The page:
Read The Good Book: Writers Reflect on Favorite Bible Passages Online Free - In The Good Book, thirty-two of today's most prominent writers share never-before-published pieces about passages in the Bible that are most meaningful to them.
The Good Book, with an introduction by Adam Gopnik, collects new pieces by writers from many different faiths and ethnicities including literary fiction writers (Colm Tóibín, Edwidge Danticat, Tobias Wolff, Rick Moody); bestselling nonfiction writers (A.J. Jacobs, Ian Frazier, Thomas Lynch); notable figures in the media (Charles McGrath, Cokie Roberts, Steven V. Roberts); and social activists (Al Sharpton, Kerry Kennedy). While these contributors are not primarily known as religious thinkers, they write intelligently and movingly about specific passages in the Bible that inform the way they live, think about past experiences, and see society today. Some pieces are close readings of specific passages, some are anecdotes from everyday life, and all will inspire, provoke, or illuminate.
Addressing some of the best-known and best-loved characters and stories from Genesis to Revelation, The Good Book will be a beautiful, enlightening gift for secular readers and readers of faith as well as a collection of interest to reading groups, readers of creative nonfiction and personal essays, and fans of each of the individual contributors.
|Title||:||The Good Book: Writers Reflect on Favorite Bible Passages|
|Number of Pages||:||320 pages|
December 20, 2015
The Good Book, otherwise known as the Holy Bible, forms the basis for an eclectic mix of authors to expound on its meaning [or lack thereof] in their personal lives. From the Bible, the best-selling book of all time, each author, according to the stated premise of the narrative, reflects on their...
January 02, 2016
Nice idea but I was imagining a stronger assemblage of writers and more of a literary focus.
June 17, 2017
Tried reading this, but just got too bored to finish it. Some of the personal stories are interesting, but it was a little weird to read about people who grew up almost secular rhapsodizing about the Bible (and not always just because they think it a great piece of literature.) I only got about h...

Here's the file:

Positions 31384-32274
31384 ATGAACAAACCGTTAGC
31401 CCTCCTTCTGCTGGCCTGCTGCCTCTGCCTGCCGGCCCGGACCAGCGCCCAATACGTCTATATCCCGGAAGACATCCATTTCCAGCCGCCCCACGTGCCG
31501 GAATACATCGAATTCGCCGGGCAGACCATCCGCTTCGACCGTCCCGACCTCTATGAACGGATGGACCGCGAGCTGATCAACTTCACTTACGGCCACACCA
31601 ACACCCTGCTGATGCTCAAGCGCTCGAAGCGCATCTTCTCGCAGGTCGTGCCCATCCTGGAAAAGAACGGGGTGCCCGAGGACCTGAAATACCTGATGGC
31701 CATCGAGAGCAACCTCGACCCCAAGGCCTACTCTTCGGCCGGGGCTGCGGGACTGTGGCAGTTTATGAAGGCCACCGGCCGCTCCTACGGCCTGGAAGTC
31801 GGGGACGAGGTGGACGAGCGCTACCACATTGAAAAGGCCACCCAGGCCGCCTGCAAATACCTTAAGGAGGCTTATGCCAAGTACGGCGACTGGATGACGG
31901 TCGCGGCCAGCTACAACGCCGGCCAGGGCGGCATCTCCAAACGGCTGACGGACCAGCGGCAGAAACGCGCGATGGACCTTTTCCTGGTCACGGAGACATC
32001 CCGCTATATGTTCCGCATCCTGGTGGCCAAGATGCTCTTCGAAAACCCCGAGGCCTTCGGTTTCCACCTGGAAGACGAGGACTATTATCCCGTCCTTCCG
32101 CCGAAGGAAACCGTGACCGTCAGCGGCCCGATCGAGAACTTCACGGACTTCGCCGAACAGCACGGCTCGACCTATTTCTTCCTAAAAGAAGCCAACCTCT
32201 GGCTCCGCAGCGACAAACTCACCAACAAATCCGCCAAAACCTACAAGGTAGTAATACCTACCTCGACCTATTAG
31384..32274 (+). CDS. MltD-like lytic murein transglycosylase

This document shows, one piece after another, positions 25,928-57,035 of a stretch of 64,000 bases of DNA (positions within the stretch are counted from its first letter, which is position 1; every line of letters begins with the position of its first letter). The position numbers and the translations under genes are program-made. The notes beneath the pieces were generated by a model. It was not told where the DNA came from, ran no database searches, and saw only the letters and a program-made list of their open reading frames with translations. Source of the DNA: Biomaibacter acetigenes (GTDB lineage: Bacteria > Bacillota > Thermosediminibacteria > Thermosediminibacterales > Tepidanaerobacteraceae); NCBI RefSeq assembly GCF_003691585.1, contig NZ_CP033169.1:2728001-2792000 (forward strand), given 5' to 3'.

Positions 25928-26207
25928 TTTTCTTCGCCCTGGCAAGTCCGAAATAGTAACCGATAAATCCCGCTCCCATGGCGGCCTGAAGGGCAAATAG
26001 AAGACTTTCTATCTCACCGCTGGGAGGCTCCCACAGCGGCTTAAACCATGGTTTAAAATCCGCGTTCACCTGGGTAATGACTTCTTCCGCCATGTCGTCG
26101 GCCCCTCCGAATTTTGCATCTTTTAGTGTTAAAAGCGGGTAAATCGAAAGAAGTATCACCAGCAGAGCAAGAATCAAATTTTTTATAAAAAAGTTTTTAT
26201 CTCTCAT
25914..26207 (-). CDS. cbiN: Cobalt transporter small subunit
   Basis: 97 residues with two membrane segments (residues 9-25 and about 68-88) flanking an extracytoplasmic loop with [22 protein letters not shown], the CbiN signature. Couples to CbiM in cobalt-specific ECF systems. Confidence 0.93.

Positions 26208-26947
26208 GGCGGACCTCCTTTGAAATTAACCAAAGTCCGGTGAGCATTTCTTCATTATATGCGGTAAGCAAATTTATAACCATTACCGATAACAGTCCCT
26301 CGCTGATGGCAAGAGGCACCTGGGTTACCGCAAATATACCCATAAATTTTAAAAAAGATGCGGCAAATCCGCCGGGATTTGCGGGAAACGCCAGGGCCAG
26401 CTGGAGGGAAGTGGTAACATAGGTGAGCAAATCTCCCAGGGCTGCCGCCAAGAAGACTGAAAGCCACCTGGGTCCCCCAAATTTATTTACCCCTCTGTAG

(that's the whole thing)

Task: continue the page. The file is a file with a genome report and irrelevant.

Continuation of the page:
August 08, 2017
This had a number of very interesting perspectives from some writers I was not too familiar with. The stories told connect to varying aspects of life and faith. An enjoyable book to keep picking up and reading from the chapters in any order.
March 11, 2016
Twenty-five writers comment on passages from the Bible that are meaningful to them, and another seven comment more generally on the Bible as a whole. It's an uneven collection; some of the selections I thought are especially insightful, others seemed pretty pedestrian. The writers represent indiv...
November 23, 2015
The common threads that run through these writer's reflections on different aspects of the Hebrew and Christian Scripture is that they are writers and that they are reflecting on the Bible. The individual writers may or may not have faith in God. They may or may not have been raised in the faith....
February 12, 2016
A mixed bag, but I absolutely loved some of the essays in this collection. The last Coover piece, "The Bad Book" kind of ruined it for me. A dismissive and snooty criticism of the Bible as "mere literature of disputed quality" and a "bad book mostly."
I don't necessarily think it shouldn't have pl...
January 03, 2016
When I received this book from Goodreads, I expected a few superficial "feel good" stories. Instead this was a book of depth, of provocations, of faith, and yes, a book of disbelief. Excellent concept, well written and a book that shows whether or not we are believers, the (real!) Good Book impac...
January 28, 2017
I really enjoyed this book. I learned quite a bit about some of the stories from the Bible. There was some humor that appealed to me as a questioning Christian. A few of the commentaries were more personal memories and were loosely tied to the passages. Overall, a great read.
February 05, 2016
On the whole I liked reading the book, but three of the selections bothered me especially the last one as it is totally an atheistic voice. I suppose that was the point of this book, to learn how others are affected by the Bible